ch02 - Fundamentals of Microelectronics CH1 CH2 CH3 CH4 CH5...

Info iconThis preview shows pages 1–13. Sign up to view the full content.

View Full Document Right Arrow Icon
1 Fundamentals of Microelectronics CH1 Why Microelectronics? CH2 Basic Physics of Semiconductors CH3 Diode Circuits CH4 Physics of Bipolar Transistors CH5 Bipolar Amplifiers CH6 Physics of MOS Transistors CH7 CMOS Amplifiers CH8 Operational Amplifier As A Black Box
Background image of page 1

Info iconThis preview has intentionally blurred sections. Sign up to view the full version.

View Full DocumentRight Arrow Icon
2 Chapter 2 Basic Physics of Semiconductors 2.1 Semiconductor materials and their properties 2.2 PN-junction diodes 2.3 Reverse Breakdown
Background image of page 2
CH2 Basic Physics of Semiconductors 3 Semiconductor Physics Semiconductor devices serve as heart of microelectronics. PN junction is the most fundamental semiconductor device.
Background image of page 3

Info iconThis preview has intentionally blurred sections. Sign up to view the full version.

View Full DocumentRight Arrow Icon
CH2 Basic Physics of Semiconductors 4 Charge Carriers in Semiconductor To understand PN junction’s IV characteristics, it is important to understand charge carriers’ behavior in solids, how to modify carrier densities, and different mechanisms of charge flow.
Background image of page 4
CH2 Basic Physics of Semiconductors 5 Periodic Table This abridged table contains elements with three to five valence electrons, with Si being the most important.
Background image of page 5

Info iconThis preview has intentionally blurred sections. Sign up to view the full version.

View Full DocumentRight Arrow Icon
CH2 Basic Physics of Semiconductors 6 Silicon Si has four valence electrons. Therefore, it can form covalent bonds with four of its neighbors. When temperature goes up, electrons in the covalent bond can become free.
Background image of page 6
CH2 Basic Physics of Semiconductors 7 Electron-Hole Pair Interaction With free electrons breaking off covalent bonds, holes are generated. Holes can be filled by absorbing other free electrons, so effectively there is a flow of charge carriers.
Background image of page 7

Info iconThis preview has intentionally blurred sections. Sign up to view the full version.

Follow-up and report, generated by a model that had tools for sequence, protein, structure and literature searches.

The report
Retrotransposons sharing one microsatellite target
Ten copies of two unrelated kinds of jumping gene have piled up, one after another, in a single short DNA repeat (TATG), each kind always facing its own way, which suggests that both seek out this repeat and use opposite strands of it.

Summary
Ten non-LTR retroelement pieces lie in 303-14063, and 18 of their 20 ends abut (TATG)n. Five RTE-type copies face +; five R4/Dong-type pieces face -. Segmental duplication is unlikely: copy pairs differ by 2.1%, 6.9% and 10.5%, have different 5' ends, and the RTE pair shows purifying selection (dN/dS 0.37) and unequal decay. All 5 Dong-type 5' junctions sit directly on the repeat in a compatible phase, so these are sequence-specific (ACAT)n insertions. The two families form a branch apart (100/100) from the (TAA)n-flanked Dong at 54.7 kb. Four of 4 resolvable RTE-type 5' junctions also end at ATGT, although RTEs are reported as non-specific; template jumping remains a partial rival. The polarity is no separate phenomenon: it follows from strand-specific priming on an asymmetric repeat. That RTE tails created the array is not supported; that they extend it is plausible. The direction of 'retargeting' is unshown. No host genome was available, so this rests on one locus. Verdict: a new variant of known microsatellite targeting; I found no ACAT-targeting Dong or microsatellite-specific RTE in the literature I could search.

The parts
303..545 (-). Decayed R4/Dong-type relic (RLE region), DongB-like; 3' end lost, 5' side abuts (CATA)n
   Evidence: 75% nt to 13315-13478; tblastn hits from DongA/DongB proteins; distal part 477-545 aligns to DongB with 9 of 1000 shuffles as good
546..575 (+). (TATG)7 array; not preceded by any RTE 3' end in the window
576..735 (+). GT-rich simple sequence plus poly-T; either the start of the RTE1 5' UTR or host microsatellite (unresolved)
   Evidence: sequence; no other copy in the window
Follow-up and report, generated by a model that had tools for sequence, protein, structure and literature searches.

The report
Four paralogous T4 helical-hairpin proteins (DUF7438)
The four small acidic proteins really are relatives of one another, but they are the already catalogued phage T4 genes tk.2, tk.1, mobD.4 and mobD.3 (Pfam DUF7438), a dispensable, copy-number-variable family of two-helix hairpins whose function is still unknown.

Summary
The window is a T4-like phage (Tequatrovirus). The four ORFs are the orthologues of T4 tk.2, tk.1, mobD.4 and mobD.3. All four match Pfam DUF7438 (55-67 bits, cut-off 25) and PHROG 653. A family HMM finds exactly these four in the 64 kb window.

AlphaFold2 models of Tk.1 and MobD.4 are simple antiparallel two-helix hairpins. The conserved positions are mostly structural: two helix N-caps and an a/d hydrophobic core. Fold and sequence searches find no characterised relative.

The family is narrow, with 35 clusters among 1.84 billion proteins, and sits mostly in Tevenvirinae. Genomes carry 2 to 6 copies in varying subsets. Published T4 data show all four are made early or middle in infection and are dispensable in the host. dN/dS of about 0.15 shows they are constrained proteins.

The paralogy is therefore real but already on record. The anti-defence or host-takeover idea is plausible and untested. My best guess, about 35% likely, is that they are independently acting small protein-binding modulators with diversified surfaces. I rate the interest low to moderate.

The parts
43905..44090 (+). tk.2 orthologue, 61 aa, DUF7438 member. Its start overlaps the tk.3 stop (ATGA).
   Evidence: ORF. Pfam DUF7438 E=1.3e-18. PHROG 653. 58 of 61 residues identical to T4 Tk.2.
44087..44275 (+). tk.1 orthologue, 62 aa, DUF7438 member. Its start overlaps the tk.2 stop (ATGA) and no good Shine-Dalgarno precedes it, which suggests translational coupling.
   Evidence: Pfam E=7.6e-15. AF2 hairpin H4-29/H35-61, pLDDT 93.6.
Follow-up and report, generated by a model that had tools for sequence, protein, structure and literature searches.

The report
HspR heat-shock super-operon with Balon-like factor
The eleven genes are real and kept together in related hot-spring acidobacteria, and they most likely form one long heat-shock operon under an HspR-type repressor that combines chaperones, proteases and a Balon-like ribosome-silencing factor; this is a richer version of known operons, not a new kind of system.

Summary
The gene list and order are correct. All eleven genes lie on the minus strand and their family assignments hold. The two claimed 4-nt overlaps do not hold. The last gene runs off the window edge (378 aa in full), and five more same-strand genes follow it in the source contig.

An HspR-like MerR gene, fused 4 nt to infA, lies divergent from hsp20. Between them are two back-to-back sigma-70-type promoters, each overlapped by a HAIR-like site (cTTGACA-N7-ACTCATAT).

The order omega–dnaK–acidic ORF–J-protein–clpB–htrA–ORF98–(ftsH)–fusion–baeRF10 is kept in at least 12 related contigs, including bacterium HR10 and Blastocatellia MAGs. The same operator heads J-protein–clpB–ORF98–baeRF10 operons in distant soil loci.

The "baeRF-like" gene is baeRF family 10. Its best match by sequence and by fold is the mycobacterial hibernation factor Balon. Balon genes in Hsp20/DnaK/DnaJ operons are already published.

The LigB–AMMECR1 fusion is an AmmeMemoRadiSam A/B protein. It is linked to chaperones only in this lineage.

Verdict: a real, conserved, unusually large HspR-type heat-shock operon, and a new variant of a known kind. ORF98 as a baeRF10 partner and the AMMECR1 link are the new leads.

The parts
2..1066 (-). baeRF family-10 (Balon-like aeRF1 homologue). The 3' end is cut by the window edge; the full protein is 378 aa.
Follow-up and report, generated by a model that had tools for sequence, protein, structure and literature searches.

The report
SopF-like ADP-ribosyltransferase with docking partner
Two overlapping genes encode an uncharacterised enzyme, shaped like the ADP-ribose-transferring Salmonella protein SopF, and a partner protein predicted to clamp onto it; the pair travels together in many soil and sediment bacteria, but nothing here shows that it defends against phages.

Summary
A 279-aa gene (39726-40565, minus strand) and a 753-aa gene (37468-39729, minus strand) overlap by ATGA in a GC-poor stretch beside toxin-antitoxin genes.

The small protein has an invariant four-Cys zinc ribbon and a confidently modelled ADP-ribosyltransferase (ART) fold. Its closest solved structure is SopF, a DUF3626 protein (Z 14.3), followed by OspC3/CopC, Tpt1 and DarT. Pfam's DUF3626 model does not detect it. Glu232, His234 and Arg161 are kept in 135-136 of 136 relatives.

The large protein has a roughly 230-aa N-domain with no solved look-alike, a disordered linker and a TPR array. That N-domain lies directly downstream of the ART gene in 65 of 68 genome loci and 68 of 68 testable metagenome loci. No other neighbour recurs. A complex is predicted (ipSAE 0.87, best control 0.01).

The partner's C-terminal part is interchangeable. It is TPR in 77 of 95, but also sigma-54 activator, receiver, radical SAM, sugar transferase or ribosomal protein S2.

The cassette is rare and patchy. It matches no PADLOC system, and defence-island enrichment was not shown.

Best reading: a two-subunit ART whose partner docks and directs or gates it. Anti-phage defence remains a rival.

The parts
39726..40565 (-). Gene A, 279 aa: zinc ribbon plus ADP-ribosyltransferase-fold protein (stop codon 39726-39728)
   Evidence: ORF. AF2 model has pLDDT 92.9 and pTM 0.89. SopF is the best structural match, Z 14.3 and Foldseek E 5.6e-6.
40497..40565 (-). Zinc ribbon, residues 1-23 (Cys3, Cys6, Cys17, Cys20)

View Full DocumentRight Arrow Icon
CH2 Basic Physics of Semiconductors 8 Free Electron Density at a Given Temperature E g , or bandgap energy determines how much effort is needed to break off an electron from its covalent bond. There exists an exponential relationship between the free- electron density and bandgap energy. 3 15 0 3 10 0 3 2 / 3 15 / 10 54 . 1 ) 600 ( / 10 08 . 1 ) 300 ( / 2 exp 10 2 . 5 cm electrons K T n cm electrons K T n cm electrons kT E T n i i g i × = = × = = - × =
Background image of page 8
CH2 Basic Physics of Semiconductors 9 Doping (N type) Pure Si can be doped with other elements to change its electrical properties. For example, if Si is doped with P (phosphorous), then it has more electrons, or becomes type N (electron).
Background image of page 9

Info iconThis preview has intentionally blurred sections. Sign up to view the full version.

View Full DocumentRight Arrow Icon
CH2 Basic Physics of Semiconductors 10 Doping (P type) If Si is doped with B (boron), then it has more holes, or becomes type P.
Background image of page 10
CH2 Basic Physics of Semiconductors 11 Summary of Charge Carriers
Background image of page 11

Info iconThis preview has intentionally blurred sections. Sign up to view the full version.

View Full DocumentRight Arrow Icon
Basic Physics of Semiconductors 12 Electron and Hole Densities The product of electron and hole densities is ALWAYS equal to the square of intrinsic electron density regardless of doping levels. 2
Background image of page 12
Image of page 13
This is the end of the preview. Sign up to access the rest of the document.

This note was uploaded on 04/05/2010 for the course EE EE taught by Professor Ee during the Spring '10 term at Korea Advanced Institute of Science and Technology.

Page1 / 42

ch02 - Fundamentals of Microelectronics CH1 CH2 CH3 CH4 CH5...

This preview shows document pages 1 - 13. Sign up to view the full document.

View Full Document Right Arrow Icon
Ask a homework question - tutors are online